Garden Tips & More

Garden Tips & More

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Choosing Tomatoes to Grow

Winter and spring months are the times gardeners face a seemingly endless list of tomato varieties in seed catalogs. If you don’t grow your own, consider the varieties we offer:

"Big Beef"    (75 Days, Indeterminate)
"Early Girl"  (59 Days, Indeterminate.)
"Husky Cherry Red"  (65 Days, Determinate)
"Jetstar"  (72 Days, Indeterminate)
"Mountain Fresh"  (75 Days, Indeterminate)
"New Girl"    (62 Days, Indeterminate)
"Roma"   (75 days, Determinate)
"Sun Gold"    (65 Days, Indeterminate)
"Supersweet 100" (65 DaysIndeterminate)
"Brandywine Red" (85 Days, Indeterminate, Heirloom)

Rather than end up with a variety that may not suit your tastes or needs, there are a few traits to keep in mind when choosing tomato plants.

There are four main growth habits for tomato plants: determinate, indeterminate, compact, and the rater new hanging or “tumbling.”

Determinate or “bush” tomatoes grow to a certain point, then produce a fruit cluster and side shoots. Usually the typical tomato wire cage suffices for support and you won’t need to prune off any shoots. Determinate cultivars usually bear fruit early, and over a shorter period of 4 to 6 weeks. This is helpful if you want to pick lots of fruit at the same time for sauces or canning, or want some early harvests.

Indeterminate tomatoes keep on growing like a vine, hence the term you may see for them, “vining.” Fruit clusters on indeterminate are spaced farther apart along the stems (often every third leaf) than determinate, and often produce more and larger fruit, and over a longer period. With more leaves, it may take diseases (if present) longer to affect all of them. The more leaves often result in more sugars and so, sweeter fruit. Indeterminate definitely will need staking, usually with 5’ supports and pruned so there are no more than four main stems.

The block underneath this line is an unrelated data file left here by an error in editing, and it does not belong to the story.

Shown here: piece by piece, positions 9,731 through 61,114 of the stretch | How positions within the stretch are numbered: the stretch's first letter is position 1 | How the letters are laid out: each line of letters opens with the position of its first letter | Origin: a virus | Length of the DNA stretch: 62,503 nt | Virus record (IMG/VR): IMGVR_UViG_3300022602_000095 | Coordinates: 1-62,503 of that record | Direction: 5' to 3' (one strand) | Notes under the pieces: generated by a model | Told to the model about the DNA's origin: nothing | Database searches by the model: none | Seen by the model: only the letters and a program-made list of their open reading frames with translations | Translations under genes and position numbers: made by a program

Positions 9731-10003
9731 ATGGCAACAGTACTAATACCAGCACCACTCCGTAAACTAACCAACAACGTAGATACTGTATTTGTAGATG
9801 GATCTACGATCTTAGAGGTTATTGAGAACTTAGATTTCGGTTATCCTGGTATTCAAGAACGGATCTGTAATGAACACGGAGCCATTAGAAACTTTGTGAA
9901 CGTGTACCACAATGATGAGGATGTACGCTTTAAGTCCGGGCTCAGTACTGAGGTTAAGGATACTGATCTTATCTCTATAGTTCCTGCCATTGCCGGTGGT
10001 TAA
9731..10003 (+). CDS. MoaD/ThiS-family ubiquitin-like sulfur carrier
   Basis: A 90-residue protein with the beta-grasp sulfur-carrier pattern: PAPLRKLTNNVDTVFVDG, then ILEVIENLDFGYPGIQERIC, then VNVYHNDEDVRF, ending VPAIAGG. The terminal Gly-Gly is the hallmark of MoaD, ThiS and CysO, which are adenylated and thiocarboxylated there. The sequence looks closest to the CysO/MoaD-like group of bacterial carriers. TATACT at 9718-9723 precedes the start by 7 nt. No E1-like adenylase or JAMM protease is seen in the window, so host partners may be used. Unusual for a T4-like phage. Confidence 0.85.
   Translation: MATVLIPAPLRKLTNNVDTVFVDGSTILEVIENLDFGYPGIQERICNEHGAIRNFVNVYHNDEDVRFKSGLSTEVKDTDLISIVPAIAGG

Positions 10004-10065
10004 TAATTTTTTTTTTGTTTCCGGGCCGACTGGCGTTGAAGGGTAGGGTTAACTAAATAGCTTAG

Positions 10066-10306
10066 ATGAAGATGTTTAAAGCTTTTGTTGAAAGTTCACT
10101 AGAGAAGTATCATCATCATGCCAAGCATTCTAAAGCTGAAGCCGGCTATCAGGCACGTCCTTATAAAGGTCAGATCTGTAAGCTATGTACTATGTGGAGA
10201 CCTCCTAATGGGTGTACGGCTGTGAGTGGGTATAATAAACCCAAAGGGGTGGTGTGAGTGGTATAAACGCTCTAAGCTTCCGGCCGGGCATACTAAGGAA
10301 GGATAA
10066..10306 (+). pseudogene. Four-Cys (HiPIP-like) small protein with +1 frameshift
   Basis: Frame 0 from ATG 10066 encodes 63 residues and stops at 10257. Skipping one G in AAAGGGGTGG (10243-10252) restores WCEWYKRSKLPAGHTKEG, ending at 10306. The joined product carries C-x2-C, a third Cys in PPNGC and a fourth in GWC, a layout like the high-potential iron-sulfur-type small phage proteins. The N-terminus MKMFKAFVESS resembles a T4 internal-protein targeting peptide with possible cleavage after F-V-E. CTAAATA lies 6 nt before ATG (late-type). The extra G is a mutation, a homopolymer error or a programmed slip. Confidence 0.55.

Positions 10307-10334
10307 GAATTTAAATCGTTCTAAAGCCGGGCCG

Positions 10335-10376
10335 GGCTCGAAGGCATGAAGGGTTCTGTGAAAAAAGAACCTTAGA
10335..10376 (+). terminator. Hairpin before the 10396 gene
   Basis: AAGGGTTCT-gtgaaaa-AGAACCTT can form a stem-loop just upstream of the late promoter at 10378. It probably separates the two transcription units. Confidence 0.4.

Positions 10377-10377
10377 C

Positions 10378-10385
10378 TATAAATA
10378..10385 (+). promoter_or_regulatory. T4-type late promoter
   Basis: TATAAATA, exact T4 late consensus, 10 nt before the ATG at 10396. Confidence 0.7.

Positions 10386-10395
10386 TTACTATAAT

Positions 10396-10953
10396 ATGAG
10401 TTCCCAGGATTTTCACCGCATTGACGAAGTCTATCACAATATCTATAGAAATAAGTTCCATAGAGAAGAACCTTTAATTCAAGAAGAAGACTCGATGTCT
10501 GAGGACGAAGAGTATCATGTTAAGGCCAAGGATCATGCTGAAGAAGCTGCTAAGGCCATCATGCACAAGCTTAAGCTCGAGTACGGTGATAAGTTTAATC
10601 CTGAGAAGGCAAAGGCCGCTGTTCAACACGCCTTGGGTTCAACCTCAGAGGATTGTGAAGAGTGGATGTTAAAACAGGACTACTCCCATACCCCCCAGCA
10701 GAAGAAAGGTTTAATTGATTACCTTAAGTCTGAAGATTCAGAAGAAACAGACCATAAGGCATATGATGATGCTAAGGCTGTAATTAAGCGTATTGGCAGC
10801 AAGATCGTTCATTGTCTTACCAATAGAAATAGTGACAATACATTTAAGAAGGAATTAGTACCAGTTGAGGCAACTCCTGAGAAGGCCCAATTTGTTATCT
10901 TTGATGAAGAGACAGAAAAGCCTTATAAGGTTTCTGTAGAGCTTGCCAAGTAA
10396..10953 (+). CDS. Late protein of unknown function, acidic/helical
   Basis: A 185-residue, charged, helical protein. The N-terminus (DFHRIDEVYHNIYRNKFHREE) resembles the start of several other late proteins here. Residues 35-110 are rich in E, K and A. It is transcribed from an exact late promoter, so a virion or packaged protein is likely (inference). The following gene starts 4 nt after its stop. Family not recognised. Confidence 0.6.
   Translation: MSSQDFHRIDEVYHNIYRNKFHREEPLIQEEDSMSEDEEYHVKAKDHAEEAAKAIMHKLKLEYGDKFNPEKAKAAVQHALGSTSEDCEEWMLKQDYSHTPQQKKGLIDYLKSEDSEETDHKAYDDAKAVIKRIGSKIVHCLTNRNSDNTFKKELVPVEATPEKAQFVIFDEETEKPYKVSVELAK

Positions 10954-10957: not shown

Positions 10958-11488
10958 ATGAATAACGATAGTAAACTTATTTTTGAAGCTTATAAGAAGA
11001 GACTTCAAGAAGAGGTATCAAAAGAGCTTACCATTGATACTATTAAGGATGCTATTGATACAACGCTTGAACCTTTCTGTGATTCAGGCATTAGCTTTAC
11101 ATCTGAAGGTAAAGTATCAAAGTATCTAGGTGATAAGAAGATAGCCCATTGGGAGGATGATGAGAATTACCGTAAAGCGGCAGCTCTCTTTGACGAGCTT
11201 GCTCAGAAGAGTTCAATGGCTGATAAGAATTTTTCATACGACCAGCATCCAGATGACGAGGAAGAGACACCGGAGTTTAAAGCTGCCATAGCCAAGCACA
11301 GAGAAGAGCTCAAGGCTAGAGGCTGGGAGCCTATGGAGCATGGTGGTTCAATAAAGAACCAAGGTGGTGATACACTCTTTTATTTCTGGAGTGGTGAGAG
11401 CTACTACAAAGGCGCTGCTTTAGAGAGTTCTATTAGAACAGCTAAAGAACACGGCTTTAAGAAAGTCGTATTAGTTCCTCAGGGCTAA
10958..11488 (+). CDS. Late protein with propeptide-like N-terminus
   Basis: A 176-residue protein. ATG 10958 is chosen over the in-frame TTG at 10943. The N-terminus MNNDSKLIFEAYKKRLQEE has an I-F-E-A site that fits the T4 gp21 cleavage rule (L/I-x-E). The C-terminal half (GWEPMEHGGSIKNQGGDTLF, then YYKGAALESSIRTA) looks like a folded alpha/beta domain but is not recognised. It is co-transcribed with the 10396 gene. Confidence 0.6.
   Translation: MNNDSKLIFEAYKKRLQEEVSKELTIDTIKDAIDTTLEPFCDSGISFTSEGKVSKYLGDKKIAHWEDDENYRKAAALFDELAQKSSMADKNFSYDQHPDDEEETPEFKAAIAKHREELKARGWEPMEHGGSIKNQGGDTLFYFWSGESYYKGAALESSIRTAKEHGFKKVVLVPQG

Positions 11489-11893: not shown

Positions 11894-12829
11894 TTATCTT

Fruiting season or “time to maturity” (approximate time from planting until first fruit ripen, listed on plant tag), shape, size, color, and uses are all considerations. In cold climates with short growing seasons,  long-season cultivars may not have enough time to ripen many fruit for you. Conversely, a variety like Early Girl  or New Girl are good early cultivars. Colors range from the typical reds and pinks to yellow such as small cherry-type Sun Gold .  Use  is an important trait: slicers such as Big Beef, Mountain Fresh, and Brandywine have large fruit 4”-8” across and are good for slicing, eating fresh, or putting on sandwiches;  ‘Cherry’ or small-fruited cultivars, Husky Red Cherry, Supersweet 100, and Sun Gold, have many small fruit, often an inch wide in clusters, great eaten alone or in salads; and for sauces, try the popular “Roma.” Jet Star is a good slicer and great for canning.

(Excerpts taken from an article by Dr. Leonard Perry, Extension Service, University of Vermont in the NH Weekly Market Bulletin.)


 

 

 

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